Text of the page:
The general idea of puncture sealing 'gloop' is widely used in various tyre types (tubeless tyred mountain bikes for example). Tyre plugs are very effective for cars though, so this stuff might be an answer looking for a problem :-).
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FollowupID: 825835

Reply By: John and Regina M - Wednesday, Oct 08, 2014 at 19:26

Wednesday, Oct 08, 2014 at 19:26
And it may be fantastic when installed correctly.
And when installed correctly you may never know it works well as you may never get a puncture.

I guess the 'self install' stuff may be rubbish though. Although the quality of 'armchair installation professionals' known to frequent some sites will always say it's crap.
AnswerID: 540102

Follow Up By: PSG46 - Wednesday, Oct 08, 2014 at 20:02

Wednesday, Oct 08, 2014 at 20:02
There is no self install with this product as far as I know.
And think you are right, if done properly the proof would be that you never know if you get a puncture, but then how would you know :-)
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FollowupID: 825849

Reply By: Freshstart - Thursday, Oct 09, 2014 at 09:00

Thursday, Oct 09, 2014 at 09:00
Personally I would give all those things a miss and just stick to the right pressure for the work at hand. Check them more often in real rough terrain. Last flat we had was in 1969. We also run Coopers with a set of rims fitted with AT's and a set with ST Maxxs which we change depending on the overall trip conditions. Take care of the tyres and don't overload them or let them overheat. Watch out for sharp objects and don't drive on the "edges" of tracks where shrubs have been cut or broken off leaving a "stake" to rip the side of the tyre off. And watch out for "stakes" if just turning around or camping and not actually on a track or road. Touch them. Wind the windows down and also listen to them. Any strange movement or feeling in the steering or the way the car moves - stop and check.

Apologies if you know this already. Okay. Just trying to help.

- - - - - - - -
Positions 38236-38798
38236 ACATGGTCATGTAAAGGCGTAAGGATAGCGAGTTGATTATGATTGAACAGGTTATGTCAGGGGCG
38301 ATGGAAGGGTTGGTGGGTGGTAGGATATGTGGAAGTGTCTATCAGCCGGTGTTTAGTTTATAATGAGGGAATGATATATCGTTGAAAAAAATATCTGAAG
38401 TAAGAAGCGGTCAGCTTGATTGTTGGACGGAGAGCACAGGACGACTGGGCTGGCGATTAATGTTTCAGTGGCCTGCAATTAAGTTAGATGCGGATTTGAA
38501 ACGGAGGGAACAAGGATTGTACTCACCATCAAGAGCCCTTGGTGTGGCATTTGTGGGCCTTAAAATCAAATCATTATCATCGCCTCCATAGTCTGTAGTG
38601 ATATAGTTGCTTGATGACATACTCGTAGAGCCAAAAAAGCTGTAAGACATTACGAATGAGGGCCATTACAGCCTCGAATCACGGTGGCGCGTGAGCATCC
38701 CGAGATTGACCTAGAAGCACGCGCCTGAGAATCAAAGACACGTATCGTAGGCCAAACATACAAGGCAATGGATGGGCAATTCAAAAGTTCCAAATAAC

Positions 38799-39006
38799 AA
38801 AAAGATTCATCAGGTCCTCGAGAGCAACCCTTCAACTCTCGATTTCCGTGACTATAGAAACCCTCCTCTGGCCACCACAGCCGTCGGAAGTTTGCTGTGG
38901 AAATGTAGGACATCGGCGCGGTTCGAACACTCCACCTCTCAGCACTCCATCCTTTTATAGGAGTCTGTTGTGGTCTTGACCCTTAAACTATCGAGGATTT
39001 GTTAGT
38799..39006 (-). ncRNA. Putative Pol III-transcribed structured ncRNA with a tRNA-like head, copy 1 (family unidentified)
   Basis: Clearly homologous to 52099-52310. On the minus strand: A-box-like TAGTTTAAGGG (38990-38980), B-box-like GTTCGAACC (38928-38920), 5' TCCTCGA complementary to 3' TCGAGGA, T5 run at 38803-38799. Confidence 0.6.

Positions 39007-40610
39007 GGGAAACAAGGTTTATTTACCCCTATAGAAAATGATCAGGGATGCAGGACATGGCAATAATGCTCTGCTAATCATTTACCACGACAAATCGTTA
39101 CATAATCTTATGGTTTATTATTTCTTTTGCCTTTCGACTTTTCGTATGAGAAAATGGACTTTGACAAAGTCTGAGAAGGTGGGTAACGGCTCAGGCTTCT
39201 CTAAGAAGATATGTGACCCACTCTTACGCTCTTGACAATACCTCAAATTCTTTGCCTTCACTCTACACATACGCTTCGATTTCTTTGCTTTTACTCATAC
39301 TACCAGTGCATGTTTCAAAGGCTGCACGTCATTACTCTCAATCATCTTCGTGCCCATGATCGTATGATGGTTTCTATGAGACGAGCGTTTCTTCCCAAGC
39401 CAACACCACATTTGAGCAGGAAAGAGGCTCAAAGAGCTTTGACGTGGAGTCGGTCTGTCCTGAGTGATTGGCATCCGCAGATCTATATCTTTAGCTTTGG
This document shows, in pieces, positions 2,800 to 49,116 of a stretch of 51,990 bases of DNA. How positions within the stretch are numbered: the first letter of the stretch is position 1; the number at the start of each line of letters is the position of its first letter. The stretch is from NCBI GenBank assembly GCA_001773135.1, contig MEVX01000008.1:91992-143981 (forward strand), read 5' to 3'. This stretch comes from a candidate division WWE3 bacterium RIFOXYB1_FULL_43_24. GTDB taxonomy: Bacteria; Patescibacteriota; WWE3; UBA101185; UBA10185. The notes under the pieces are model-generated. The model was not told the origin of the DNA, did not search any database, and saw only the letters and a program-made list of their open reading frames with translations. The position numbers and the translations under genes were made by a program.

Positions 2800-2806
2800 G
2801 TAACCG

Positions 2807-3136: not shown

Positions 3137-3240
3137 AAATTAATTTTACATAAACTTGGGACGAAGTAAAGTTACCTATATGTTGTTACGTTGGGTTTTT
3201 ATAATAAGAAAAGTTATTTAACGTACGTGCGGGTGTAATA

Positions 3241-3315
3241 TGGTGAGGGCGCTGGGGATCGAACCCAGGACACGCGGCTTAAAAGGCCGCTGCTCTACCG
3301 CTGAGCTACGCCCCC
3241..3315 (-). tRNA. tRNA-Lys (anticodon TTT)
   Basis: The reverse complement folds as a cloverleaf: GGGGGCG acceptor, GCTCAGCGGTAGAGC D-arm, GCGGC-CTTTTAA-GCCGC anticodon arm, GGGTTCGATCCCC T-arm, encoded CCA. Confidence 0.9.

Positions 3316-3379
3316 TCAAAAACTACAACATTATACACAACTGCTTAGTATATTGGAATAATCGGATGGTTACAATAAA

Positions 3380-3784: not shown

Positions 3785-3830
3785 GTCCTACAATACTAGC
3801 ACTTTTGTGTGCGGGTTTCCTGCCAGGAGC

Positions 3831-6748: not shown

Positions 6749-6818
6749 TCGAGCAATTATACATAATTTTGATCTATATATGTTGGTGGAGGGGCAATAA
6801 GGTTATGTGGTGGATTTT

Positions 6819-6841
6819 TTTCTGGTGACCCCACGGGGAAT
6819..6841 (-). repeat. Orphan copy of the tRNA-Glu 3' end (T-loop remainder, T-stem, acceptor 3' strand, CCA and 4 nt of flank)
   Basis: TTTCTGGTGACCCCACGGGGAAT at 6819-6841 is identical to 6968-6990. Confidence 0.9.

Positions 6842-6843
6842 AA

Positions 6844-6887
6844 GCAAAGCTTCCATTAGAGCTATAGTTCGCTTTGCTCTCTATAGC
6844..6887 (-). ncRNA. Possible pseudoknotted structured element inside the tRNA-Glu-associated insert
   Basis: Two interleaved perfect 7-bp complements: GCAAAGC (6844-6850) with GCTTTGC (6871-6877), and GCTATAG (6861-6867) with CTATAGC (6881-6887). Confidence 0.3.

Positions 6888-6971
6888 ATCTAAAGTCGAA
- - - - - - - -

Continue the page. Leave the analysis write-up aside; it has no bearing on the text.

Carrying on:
AnswerID: 540123

Reply By: Alloy c/t - Thursday, Oct 09, 2014 at 10:14

Thursday, Oct 09, 2014 at 10:14
The problem with nearly all 'puncture proof' type of products [ self install or 'professional' ] is that no one actually follows the instructions fully , being a rubber - latex liquid it turns to a clump if not spread evenly , correct use is …. remove valve - pump in correct amount of liquid - replace valve - pump up tire - spin wheel to distribute liquid evenly - drive to generate heat in tire so liquid turns to semi solid membrane ,,, easy as …...
AnswerID: 540125

Reply By: The Bantam - Friday, Oct 10, 2014 at 22:15

Friday, Oct 10, 2014 at 22:15
Puncture sealing goop that you put in tyre has been arround for donkies.......it pops it uggly head up every 10 years or so......at the momement there seem to be several brands of this product having a go.

They pop up...get sold heavily...people think they are a great idea....people realise the whole idea is a crock.....the products mostly disapear from the market till people have forgotten or there is a new crop of suckers....then they re-appear again.

The whole concept is fundamentally flawed....among those who have seen it before, the problems are well known and they occur will all the similar products.

I tried one of thse goops in my pushbike tyres when I was a kid back in the 70's.....that was enough of a lesson for me.

the problems that occur with all of them.

They pretty well ruin the rim and the tyre (or the tube).....the goop gets all over both and if you are paying someone it simply may not be worth paying to get the rubbish cleaned out.

Yes the clumping and putting tyres out of balance is very common.

It is common for it to bung up the valve stem.....to such a point where the tyre can be neither inflated or deflated..

The idea that the goop will stay liquid inside the tyre, but cure on contact with air when comming thru a puncture, is optomistic to say the least....um...the tyre is full of air.

If you have a 4wd you need to change air pressures frequently if you are off roading....this brings fresh air into the tyre than will make the goop go off..real quick.


even the idea that some sort of goop inside the tyre will seal punctures is flawed......it makes no allowance for removal of a item penetrating the tyre...like a nail or screw......for any seal to be effective it would have to be a small, simple, clean puncture with no fireign body remaining in the tyre.

I could go on about the whole flawed premiss behind these products and the falssely created need and benifit in the sales pitch.

Do ya self and everybody else that may deal with your tyres a big favour and leave this stuff alone.

cheers
AnswerID: 540197